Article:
Using the above, when the alternator is NOT charging, the batteries are isolated from each other, hence avoiding any paralleling issues (real or imagined).
                    There is no manual switch or ignition to forget. (It is the same control method used for many electric fuel pumps for non-EFI engines.)
                    But the above can be modified/extended for manual override, timed or manual latching, low-voltage cutout, etc etc (for running accessories etc).

                    Many say you can parallel batteries without concern.
                    Others say you can parallel matched batteries with matched (equal path) interconnections.
                    I say that paralleled idling batteries have increased rate of failure (eg, 2 batts = twice failure rate; 3 = 3 times failure rate) and I have yet to witness a knowledgeable person dispute this (probably because it is a simple "series" reliability situation).

                    Others merely want independence from the main cranking battery. EG - you may decide to keep your 2 extra batteries connected in parallel and merely isolate from the main/cranking battery. (Even though the 2 parallels with have twice the failure rate, their failure should be independent of the cranking battery.)

                    I'd like to mention some of the bullsh out there, but did I mention brevity?

                    Use the charge light (else voltage sensing) method and you needn't worry about matching batteries (which means same batteries, same batch, same history, same temperature, and same loads and load & interconnect paths....).
                    And the isolator can be as cheap as a 30A relay...

                    Good Luck.


                    FYI post-edit 27Aug11:
                    Originally posted by OldSpark View Post
                    ..paralleled idling batteries have increased rate of failure (eg, 2 batts = twice failure rate; 3 = 3 times failure rate)...
                    That means you replace 2 batteries twice as often = 4 batteries, 3 batteries 3 times as often = 9 batteries, etc, where 4 & 9 batteries means replacement in the same time period that you would normally need to replace just the single battery own its own.
                    [ So if a battery should last 3 years, connecting 3 in parallel means - on average - replacing 9 batteries over 3 years - the equivalent to replacing 1 battery every 4 months - ie, all 3 batteries every year. ]

                    The above is simple (ha?) reliability theory.
                    BUT the added condition is the that if one battery fails, it brings down and hence damages the other (paralleled) battery(s).
                    Hence it applies to permanently paralleled batteries that are not checked or isolated until the damage has time to occur. That might take a day or a week...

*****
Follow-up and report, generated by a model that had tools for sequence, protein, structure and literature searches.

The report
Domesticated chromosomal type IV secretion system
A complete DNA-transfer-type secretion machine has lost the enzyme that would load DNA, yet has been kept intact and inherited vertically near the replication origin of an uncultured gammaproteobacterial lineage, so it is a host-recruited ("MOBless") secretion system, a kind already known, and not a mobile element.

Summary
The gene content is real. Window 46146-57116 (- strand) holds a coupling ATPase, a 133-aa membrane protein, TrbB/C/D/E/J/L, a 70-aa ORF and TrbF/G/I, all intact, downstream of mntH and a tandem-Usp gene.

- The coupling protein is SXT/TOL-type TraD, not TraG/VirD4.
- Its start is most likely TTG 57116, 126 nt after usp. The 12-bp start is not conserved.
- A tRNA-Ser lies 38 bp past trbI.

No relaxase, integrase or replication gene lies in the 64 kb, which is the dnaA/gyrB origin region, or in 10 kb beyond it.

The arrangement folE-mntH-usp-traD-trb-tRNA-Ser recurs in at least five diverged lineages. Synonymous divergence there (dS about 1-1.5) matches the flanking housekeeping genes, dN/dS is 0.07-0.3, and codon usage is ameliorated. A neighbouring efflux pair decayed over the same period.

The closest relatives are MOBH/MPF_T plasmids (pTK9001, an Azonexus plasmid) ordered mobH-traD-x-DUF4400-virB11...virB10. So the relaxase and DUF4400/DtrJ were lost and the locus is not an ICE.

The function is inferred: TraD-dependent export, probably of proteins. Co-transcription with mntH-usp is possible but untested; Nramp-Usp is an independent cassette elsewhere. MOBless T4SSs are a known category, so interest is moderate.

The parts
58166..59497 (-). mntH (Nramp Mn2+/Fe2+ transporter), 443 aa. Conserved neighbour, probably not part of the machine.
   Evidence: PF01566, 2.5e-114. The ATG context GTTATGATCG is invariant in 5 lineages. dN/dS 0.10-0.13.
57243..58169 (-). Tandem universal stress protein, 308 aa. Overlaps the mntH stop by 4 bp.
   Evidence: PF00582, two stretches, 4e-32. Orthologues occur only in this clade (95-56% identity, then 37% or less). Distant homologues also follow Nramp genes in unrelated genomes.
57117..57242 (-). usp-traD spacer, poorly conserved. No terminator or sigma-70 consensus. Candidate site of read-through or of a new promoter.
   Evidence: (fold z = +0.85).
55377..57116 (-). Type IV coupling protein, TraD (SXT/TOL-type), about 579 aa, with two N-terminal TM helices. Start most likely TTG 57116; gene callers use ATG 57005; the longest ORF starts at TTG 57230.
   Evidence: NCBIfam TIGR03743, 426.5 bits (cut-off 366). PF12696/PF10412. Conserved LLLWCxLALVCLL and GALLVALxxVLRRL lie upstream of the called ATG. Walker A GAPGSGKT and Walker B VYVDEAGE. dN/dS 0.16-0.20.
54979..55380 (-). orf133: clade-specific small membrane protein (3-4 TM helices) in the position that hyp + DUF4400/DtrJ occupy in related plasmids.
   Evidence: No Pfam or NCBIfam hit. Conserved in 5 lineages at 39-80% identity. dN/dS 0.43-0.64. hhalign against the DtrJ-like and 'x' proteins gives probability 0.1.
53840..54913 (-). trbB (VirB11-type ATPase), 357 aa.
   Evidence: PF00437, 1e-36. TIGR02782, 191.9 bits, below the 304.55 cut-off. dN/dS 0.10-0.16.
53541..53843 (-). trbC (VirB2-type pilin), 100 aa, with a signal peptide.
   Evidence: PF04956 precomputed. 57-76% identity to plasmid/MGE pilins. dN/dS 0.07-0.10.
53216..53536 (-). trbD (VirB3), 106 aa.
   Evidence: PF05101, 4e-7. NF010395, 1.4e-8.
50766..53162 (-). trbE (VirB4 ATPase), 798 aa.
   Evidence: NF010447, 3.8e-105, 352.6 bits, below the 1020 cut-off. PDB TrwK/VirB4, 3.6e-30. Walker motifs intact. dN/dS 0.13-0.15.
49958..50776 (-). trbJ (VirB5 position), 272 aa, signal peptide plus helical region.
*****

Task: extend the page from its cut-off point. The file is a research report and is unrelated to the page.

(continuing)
And it is statistical. Though a battery life may be 3 years (ie, its MTBF (mean time between or to failure) is 3 years), it may last 10 years or 10 days.
                    [ Actually, a short failure time of days or weeks is usually indicative of a manufacturing fault, and they are often NOT included in MTBF figures. Hence you may have an MTBF of 3 years provided that battery survives is run-in period. This benefits manufacturers with shocking quality - ie, they may have a 50% probability of a manufacturing defect failure with days or weeks, but this is not part of their published reliability or MTBF figures. And they know that you cannot prove that you did not exceed their warranty conditions - eg, below 60C (in and engine bay!), current limited, etc - hence often no successful warranty claim. As to pro-rata warranties.... LOL! ]

                    The point being that should one parallel battery fail - whether in a week or 1 or 3 years - it will kill the other batteries.
                    Hence why isolation when not in use (whether charging or discharging) for long periods is desirable. (And done by most that know...)

                    (How long is long? However long it takes the other batteries to degrade past an acceptable level. That is quite subjective.)

                    And the above does not consider the hazards - eg, failing AGMs can go into thermal runaway which can lead to fire etc. (Gels and wet batteries too, but far less likely.) But after the vehicle burns or explodes, replacing just the batteries will be a mere triviality LOL!
                    Last edited by OldSpark; 08-26-2011, 10:53 PM. Reason: FYI...

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                    • #11
                      Others merely want independence from the main cranking battery. EG - you may decide to keep your 2 extra batteries connected in parallel and merely isolate from the main/cranking battery. (Even though the 2 parallels with have twice the failure rate, their failure should be independent of the cranking battery.)